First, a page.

« Reply #8 on: August 02, 2016, 02:19:46 PM »
As we are on the subject of bees/wasps what should I do about a swarm of bees in our chimney? Its sealed so they cannot get far down but will they carry on living there forever? I know we cannot harm bees nor would I want to but could we do anything?
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Offline Allan Mason

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Re: Strange insect
« Reply #9 on: August 02, 2016, 05:30:32 PM »
As we are on the subject of bees/wasps what should I do about a swarm of bees in our chimney? Its sealed so they cannot get far down but will they carry on living there forever? I know we cannot harm bees nor would I want to but could we do anything?

Not sure if the chimney and bees are in UK or Italy. Contrary to popular belief, bees are not legally protected in the UK. I've no idea what the legal position is in Italy.

Wasps and hornet nests are made of paper. If one of these is in a chimney, lighting a fire is likely - assuming the flue is not completely blocked - to result in the nest igniting. The worst that might then happen is that it could start a chimney fire, but the chance of this would be reduced if the flue had been swept recently and there was little soot.

Honey bee colonies in chimneys and the fabric of houses are often difficult to remove. The job can become extremely difficult and expensive if the property owner doesn't want to harm the bees.

The problem is that, even if you were to go down what appears to be the quick and easy route and sprayed pesticide on the nest to kill all the bees, the nest with thousands of developing larvae, probably several kilos of honey, perhaps a kilo of stored pollen and likely more than a kilo of highly flammable beeswax would remain. Larvae, honey and wax are all very appealing to various sorts of insects and they would soon move in. If the pesticide residues killed them, you'd then have even more slowly decaying organic material in the house. If the scavengers survived, you'd then have lots of dripping honey, flies, ants, wax moths and other bugs around until the mess was all removed.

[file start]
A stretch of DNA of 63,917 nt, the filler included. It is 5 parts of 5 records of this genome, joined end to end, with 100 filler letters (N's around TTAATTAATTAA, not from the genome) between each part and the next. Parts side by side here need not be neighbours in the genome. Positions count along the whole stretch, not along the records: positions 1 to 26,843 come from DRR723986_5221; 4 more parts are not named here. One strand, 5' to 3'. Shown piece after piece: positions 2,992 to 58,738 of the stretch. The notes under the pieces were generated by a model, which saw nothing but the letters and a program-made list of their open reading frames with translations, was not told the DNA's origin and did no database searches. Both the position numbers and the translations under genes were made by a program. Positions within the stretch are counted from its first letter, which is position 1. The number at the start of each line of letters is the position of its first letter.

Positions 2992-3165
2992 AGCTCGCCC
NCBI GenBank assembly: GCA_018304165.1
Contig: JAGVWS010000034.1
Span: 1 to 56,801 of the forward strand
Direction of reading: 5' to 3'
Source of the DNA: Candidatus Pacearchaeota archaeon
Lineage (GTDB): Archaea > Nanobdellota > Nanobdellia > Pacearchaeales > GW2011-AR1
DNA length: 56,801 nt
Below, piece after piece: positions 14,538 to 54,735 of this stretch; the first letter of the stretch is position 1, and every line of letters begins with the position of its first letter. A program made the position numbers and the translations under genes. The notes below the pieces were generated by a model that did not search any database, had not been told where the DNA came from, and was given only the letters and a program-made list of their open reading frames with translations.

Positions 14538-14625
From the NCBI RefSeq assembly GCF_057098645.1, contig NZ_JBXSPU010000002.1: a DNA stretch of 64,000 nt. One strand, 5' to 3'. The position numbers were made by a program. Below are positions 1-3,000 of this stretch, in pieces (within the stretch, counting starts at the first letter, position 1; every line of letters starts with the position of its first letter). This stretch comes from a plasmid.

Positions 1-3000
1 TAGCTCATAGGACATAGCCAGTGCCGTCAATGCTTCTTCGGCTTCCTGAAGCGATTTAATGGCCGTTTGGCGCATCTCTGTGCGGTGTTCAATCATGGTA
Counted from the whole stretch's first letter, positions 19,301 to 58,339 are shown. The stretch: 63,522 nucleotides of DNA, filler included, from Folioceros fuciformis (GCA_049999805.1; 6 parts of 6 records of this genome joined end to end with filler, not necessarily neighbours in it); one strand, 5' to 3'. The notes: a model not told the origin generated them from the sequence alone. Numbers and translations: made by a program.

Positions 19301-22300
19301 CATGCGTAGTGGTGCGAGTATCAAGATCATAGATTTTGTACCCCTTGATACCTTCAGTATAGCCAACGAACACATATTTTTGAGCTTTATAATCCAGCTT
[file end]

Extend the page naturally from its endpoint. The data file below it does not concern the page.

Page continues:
The alternative is to get in a beekeeper who is experienced in doing such removals. Some people believe the media hype about honey bees being extremely rare and difficult to keep, so they expect the beekeeper to do the removal for nothing or even to pay for the bees they remove. The reality is that no sane beekeeper is desperate to collect a bunch of bees of unknown origin which might be carrying various diseases. Beekeepers in the UK do swarm collection on a voluntary basis as a public service and because they like bees, not because they are always short of bees or because swarms are a great way of making loads of money; removing an established honey bee colony is a very different job to collecting a swarm and it requires a special skill set and often specialised equipment.

Most beekeepers would not be interested in trying to deal with a full-strength colony that has made its home in a loft, inside a wall or down a chimney. If the bees are inside the fabric of a building, the beekeeper will charge for his time, as will any tradesmen who might be necessary to provide access and then make good the damage that the removal required.

As for the question of how long a "feral" honey bee colony can survive: they can - in theory - live virtually forever. Obviously the individual bees live for only a few weeks or (over the winter) a few months, but the "super-organism" that is a healthy honey bee colony can continue indefinitely. Individual bees are born, carry out their duties in the hive and as foragers and then die, while the super-organism regularly reproduces when last year's queen leaves in a swarm and a new queen is raised by the remaining bees. However, the evidence is that untended bee colonies don't survive that long these days. The spread of various diseases by the parasitic varroa mite - against which European honey bees have no natural defence - means that colonies living in the wild usually collapse after just a few years.